The new Amazon Go here in Seattle generated a lot of buzz when it opened last month. And while the store is a miracle of technology, it’s yet another venue where people on the Supplemental Nutrition Assistance Program (SNAP), also known as food stamps, can’t shop.
It’s modern roadblocks like this that caused Eli Calderón Morin to co-found All_ebt, a Los Angeles-based startup that helps people on food stamps participate in the digital economy that so often leaves them behind. Approximately 43 million Americans receive SNAP assistance, with money delivered via an electronic benefits transfer (EBT) card to facilitate payments. The problem is that currently, these EBT cards can only be used in select physical stores at the point of sale, and not online.
According to Teaching Tolerance, a project of the Southern Poverty Law Center:
- 23.5 million people live in low-income areas more than one mile from a supermarket.
- Low-income zip codes have 30 percent more convenience stores, which tend to lack healthy items, than middle-income zip codes.
The ability for SNAP participants to order groceries via delivery from places like Amazon Fresh or even Safeway online provides a new avenue for people to access healthier food.
All_ebt wants to become a payment platform for EBT transactions. The first step in this process has been the creation of a Facebook Messenger app. To use it, SNAP participants create an All_ebt account and upload a picture of their EBT card or WIC coupon. Once created, users are issued a virtual wallet that can be used to buy food online.
So, when a user needs $50 for groceries, All_ebt is authorized to charge that EBT card $50. All_ebt then provides $50 for use in the new virtual wallet. Morin is quick to point out that money is not being transferred, and purchases made via All_ebt must still adhere to the purchasing restrictions that come with any EBT purchase (no alcohol, no tobacco, etc.).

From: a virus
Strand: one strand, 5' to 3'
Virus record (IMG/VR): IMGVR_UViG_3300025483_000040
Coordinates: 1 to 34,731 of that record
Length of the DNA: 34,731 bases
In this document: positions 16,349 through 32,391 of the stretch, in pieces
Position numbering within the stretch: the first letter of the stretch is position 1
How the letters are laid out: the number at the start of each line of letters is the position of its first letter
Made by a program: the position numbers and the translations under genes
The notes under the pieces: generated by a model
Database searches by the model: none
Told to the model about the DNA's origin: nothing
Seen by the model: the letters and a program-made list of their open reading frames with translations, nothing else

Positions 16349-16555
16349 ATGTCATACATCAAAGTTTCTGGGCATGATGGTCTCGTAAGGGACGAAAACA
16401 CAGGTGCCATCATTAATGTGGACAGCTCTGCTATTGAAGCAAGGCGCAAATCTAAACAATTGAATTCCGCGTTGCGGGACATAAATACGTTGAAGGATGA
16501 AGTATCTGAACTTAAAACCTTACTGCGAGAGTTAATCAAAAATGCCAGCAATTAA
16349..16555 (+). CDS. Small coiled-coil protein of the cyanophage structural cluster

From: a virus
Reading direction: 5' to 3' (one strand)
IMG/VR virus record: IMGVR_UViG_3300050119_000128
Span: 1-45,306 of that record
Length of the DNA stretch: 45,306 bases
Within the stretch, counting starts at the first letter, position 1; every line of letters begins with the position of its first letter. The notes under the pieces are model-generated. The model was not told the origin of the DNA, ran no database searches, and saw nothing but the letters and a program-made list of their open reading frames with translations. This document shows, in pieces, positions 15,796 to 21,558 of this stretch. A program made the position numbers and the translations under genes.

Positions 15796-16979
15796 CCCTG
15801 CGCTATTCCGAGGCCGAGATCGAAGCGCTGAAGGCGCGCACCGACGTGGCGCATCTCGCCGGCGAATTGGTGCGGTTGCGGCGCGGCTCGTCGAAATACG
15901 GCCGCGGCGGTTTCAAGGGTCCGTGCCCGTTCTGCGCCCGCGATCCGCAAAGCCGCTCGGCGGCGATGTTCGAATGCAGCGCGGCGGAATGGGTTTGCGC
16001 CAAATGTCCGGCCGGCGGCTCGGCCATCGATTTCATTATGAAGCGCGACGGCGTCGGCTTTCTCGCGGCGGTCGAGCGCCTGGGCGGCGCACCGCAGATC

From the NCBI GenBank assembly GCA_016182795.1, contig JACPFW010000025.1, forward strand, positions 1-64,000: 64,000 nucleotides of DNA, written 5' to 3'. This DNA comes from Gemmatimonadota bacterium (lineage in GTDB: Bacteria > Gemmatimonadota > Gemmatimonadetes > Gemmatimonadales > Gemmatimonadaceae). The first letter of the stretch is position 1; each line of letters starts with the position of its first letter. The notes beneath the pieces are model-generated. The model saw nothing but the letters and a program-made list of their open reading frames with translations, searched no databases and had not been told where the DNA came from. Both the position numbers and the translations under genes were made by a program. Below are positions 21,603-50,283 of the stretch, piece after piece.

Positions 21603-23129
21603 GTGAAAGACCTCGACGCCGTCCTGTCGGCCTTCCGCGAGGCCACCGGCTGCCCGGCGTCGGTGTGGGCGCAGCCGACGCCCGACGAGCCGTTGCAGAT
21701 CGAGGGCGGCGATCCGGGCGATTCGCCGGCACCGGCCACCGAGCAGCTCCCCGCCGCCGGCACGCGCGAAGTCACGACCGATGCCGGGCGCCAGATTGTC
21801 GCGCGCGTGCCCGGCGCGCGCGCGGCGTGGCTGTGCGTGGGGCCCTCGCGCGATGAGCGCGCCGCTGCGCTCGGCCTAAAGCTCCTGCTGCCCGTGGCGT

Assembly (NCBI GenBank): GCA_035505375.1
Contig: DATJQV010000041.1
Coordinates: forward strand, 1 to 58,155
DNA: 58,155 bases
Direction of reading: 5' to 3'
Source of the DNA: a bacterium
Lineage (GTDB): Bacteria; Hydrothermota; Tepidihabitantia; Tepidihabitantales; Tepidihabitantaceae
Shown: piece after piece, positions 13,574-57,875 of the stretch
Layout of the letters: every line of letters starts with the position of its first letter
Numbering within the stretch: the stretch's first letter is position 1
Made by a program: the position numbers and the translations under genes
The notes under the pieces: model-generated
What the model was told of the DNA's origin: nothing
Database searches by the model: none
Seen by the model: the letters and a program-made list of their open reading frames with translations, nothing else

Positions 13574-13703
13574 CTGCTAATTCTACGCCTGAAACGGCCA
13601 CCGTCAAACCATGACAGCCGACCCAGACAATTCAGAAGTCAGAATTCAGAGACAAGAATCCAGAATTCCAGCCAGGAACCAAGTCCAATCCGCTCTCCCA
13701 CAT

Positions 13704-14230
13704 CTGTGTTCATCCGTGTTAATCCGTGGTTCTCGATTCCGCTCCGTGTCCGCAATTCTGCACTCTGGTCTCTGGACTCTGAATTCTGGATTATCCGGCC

Morin wants everyone to have the same opportunity to eat healthier food. To help people even more, All_ebt has set up a pop-up location in East LA, complete with a mini supermarket to sign people up and show them how to use the service. Morin wouldn’t give specific numbers, but says that they sign up 5–10 people a day.
Providing access to online transactions for lower income households has also caught the attention of the government, which announced a SNAP Online Purchasing Pilot last year. Retailers such as Amazon, Safeway and Wal-Mart are participants in the program. The USDA’s Food and Nutrition Service expects the pilot to launch in 2018.
All_ebt was part of the Visa developer program and was a finalist in the Visa Platform Challenge. The company is bootstrapped, with seven people working there, and has begun the search for investors. While All_ebt is currently refining its business model, Morin says they want to become like Braintree and Stripe for EBT transactions, and want to have merchants pay the transaction fee.
Like so many things these days, the very idea of food stamps has become highly politicized. Regardless of your party affiliation, All_ebt’s mission to make healthy food more available to everyone is a good one and a goal worth supporting.